Research: Commentary

How Not To Encourage Liberalization In Cuba

South Florida Sun-Sentinel, April 16, 2003 | Article


The arrest and long-term imprisonment of dozens of dissidents in Cuba and the execution of three men who attempted to hijack a boat represent so glaring an overreaction on the part of the Cuban government as to suggest a certain degree of irrationality, for they harm the Cuban government more than anyone else.

It had clearly given up on the possibility of any engagement with the Bush administration itself, but there was growing momentum in the U.S. Congress to ease sanctions. Any such initiatives are now very much on hold.

Cuba needs European and Canadian trade and tourists. Neither will be stimulated by the crackdowns. The European Union was considering new economic benefits to Cuba under the Cotonou agreements. That is now almost certainly down the drain. A rapprochement with Mexico also seemed to be jelling. That cannot have been helped by the crackdown.

The crackdown was a reaction to the hard-line policy of the Bush administration. Indeed, over the past few months its actions had become even more confrontational. It wanted regime change. As Interests Section Chief James Cason stated in Miami on April 7, one of his priority missions in Cuba was to promote a "transition to a participatory form of government."

Now, when I was in basic diplomacy class (granted, that was about 50 years ago) such a statement would have been regarded as violating the rules of diplomacy and as meddling in the internal affairs of the host country. One government might wish to see another move in the direction of a different form of government, but it tried to accomplish that by fashioning policies designed to encourage the other in the desired direction. It did not try to orchestrate the transition.

Those remain the rules of the game -- the rules of proper diplomacy.

Cason insists that he was not providing the dissidents with money. I'm sure he personally was not. But money for such independent groups in Cuba was written into the Helms-Burton Act of 1996, which, in effect, calls for the ouster of both Castros from the Cuban government. The money goes to groups in Miami and they supposedly channel it to the right people in Cuba.

It turns out that many of those we are supposed to have been helping were state security agents who had infiltrated the dissident movement. They've now turned up at the trials of their "former dissident colleagues" to testify against them. Talk about not knowing what we're doing!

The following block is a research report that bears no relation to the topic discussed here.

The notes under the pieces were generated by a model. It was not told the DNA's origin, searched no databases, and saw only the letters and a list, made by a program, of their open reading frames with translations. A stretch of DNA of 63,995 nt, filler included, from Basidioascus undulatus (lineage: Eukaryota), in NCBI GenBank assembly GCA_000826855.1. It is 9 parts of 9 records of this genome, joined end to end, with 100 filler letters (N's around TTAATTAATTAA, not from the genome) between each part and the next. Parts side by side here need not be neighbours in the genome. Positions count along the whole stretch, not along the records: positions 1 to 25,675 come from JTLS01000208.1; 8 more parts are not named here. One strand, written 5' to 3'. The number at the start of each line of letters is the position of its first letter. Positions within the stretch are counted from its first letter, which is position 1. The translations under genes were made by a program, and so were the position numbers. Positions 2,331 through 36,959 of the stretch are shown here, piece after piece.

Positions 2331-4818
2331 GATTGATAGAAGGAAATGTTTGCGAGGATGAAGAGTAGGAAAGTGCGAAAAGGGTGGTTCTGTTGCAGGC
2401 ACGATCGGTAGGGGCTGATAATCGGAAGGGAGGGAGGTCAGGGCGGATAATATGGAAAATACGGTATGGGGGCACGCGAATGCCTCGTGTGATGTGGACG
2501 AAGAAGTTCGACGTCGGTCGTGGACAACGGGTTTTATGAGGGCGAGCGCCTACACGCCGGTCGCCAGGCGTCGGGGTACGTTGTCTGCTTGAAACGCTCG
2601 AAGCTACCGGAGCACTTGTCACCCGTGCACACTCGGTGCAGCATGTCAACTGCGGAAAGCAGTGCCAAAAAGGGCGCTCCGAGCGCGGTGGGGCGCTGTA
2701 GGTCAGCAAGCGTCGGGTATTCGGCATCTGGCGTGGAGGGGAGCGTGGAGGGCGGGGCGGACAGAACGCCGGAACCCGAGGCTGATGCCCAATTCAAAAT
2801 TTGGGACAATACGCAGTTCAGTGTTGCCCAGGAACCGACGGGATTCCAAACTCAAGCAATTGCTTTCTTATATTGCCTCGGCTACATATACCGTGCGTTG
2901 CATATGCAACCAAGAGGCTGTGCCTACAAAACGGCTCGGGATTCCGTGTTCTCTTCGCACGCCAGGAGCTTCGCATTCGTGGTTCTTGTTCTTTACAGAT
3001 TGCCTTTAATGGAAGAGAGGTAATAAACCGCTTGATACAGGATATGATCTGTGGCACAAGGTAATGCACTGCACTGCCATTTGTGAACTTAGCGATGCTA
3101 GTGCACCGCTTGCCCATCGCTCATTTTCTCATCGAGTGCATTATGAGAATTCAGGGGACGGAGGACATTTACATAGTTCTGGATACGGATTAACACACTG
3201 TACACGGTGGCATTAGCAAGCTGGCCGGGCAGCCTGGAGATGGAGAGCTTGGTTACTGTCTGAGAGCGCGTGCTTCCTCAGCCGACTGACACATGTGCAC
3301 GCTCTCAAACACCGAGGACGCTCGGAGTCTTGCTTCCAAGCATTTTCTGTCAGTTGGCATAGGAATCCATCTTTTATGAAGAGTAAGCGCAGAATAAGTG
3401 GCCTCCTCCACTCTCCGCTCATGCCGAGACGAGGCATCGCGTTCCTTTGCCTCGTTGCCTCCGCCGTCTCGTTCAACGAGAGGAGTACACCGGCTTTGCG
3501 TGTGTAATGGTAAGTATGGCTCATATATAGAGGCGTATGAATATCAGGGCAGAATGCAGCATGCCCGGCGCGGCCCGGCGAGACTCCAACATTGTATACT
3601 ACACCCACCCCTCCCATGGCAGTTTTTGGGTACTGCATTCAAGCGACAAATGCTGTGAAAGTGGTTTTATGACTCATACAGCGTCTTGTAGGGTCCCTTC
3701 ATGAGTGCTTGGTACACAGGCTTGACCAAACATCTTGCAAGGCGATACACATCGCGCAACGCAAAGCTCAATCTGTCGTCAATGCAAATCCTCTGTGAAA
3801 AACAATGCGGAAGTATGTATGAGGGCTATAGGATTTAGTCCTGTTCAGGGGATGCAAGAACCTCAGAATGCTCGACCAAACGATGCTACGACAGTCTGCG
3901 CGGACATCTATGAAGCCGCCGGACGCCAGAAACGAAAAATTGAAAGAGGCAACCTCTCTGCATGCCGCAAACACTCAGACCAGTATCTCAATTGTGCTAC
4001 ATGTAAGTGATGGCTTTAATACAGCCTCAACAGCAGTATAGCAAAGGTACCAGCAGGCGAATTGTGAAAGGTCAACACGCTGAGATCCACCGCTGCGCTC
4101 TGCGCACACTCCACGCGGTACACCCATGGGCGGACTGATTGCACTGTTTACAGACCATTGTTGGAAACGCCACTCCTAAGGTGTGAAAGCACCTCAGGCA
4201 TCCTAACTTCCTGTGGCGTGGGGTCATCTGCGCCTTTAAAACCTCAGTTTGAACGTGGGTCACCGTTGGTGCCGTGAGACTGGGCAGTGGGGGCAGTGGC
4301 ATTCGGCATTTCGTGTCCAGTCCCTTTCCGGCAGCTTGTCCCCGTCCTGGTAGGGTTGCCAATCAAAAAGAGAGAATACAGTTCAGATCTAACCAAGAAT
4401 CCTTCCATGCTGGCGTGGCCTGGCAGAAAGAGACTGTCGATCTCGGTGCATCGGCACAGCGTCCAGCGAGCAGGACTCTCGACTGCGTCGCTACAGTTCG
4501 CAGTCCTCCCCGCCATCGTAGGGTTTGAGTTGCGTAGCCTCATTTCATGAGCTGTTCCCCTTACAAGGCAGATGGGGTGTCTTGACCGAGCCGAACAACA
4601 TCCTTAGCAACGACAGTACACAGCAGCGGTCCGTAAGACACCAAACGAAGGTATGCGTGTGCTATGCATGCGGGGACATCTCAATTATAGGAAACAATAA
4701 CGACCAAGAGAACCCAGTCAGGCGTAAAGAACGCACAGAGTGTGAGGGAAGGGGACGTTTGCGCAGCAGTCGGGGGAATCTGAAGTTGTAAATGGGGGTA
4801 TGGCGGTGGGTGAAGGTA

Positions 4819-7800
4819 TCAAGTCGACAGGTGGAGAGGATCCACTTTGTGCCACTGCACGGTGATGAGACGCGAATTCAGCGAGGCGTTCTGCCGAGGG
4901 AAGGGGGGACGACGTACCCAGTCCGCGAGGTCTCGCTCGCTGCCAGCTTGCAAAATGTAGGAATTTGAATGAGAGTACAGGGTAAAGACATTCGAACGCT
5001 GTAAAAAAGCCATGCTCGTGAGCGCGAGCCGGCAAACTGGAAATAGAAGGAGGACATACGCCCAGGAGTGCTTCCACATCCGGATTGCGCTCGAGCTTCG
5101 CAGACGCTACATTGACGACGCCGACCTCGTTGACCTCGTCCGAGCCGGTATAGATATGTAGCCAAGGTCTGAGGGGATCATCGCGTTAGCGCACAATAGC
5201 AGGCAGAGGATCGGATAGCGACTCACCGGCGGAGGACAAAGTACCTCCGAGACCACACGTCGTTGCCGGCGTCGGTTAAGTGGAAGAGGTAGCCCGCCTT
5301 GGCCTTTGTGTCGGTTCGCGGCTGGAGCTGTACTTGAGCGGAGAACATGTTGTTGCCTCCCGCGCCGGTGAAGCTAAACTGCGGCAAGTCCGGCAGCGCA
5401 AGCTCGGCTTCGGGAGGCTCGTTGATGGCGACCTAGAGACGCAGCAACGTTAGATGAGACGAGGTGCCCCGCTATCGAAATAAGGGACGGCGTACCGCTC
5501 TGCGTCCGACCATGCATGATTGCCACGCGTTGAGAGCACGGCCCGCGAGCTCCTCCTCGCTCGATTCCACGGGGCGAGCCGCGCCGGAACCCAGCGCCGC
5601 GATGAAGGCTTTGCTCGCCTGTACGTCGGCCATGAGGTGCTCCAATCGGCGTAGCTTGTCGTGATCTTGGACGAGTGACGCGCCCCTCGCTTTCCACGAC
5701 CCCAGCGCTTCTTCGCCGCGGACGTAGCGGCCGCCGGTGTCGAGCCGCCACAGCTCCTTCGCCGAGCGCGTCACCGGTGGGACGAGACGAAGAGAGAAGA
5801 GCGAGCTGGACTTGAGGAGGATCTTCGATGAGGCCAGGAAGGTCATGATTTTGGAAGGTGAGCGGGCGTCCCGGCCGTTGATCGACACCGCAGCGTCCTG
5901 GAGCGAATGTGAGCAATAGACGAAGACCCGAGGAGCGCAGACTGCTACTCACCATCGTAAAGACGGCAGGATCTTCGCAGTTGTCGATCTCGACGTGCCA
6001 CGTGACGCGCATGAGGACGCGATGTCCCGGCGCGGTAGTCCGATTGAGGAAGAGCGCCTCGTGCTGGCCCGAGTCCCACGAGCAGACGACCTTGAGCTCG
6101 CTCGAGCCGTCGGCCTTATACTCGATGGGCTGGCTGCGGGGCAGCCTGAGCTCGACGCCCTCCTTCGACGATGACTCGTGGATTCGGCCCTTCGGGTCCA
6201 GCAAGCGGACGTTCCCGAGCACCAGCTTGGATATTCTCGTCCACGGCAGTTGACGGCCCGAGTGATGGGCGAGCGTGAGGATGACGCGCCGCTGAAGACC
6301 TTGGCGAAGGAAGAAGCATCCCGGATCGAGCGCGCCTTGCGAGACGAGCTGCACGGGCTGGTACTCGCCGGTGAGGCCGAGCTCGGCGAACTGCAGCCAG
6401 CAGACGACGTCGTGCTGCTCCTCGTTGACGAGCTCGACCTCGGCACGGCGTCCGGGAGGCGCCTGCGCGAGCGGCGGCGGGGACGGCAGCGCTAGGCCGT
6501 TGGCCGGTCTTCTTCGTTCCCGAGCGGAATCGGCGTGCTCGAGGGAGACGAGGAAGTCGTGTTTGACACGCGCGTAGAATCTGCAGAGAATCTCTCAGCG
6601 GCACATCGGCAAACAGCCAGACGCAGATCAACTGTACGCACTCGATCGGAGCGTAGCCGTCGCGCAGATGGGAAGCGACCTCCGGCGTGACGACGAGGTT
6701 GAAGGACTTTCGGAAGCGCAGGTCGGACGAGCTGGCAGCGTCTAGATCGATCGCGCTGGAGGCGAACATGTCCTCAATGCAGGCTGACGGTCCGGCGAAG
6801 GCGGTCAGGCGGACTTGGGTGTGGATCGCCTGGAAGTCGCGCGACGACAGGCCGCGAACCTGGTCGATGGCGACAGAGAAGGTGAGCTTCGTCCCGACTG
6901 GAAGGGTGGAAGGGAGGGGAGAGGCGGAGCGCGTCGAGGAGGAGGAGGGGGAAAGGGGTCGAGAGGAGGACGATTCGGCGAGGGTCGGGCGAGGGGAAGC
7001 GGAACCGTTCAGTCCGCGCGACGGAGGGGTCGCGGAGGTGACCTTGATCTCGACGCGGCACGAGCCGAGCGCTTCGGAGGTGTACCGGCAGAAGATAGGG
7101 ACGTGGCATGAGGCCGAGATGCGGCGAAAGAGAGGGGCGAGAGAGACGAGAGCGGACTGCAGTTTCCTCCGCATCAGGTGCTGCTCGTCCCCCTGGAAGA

Over the past few years, we had seen a slow and grudging but growing tolerance of dissent on the part of the Cuban government. A positive response on the part of the Bush administration, however cautious, might have encouraged that trend. But now, thanks to its inflexibility, we have a massive crackdown with dozens of people in prison. It is the Cuban government doing the imprisoning. But the Bush administration must have known this was likely to be a consequence of its hard-line policy. It went ahead with the meetings anyway, doubtless hoping to provoke exactly the kind of overreaction it did.

There are other puzzling statements in Cason's April 7 presentation. He says that the U.S. remains "fully committed to the implementation of the 1994-1995 Migration Accords."

Hmm. Well, not really. Those accords call on the U.S. to provide 20,000 immigrant visas a year. But the Interests Section didn't process nearly that many last year and this year, almost halfway through the Oct. 1- Oct. 1 time frame, has processed only about 10 percent of the required number.

Nor, as I have pointed out before on these same pages, has the U.S. government lived up to the commitment it made in the 1994 agreement to halt the practice of giving entry to Cubans who reach our shores without proper documentation. We made the commitment because we were desperate to get the rafter crisis in the summer of 1994 turned off. But then, because of pressures from the exiles in Miami, once the crisis was passed, we chose to ignore it.

If we have another exodus from Cuba this summer, it will not be, as Cason says, because of the crackdown; rather, it will be because of worsening economic conditions and because the U.S. did not live up to its obligations under the Migration Accords. As the Cubans will put it: "If you don't honor your obligations, why should we honor ours?"

Wayne S. Smith, now a senior fellow at the Center for International Policy in Washington, D.C., was chief of the U.S. Interests Section from 1979 until 1982.

Copyright 2003, South Florida Sun-Sentinel.  Original article available here.

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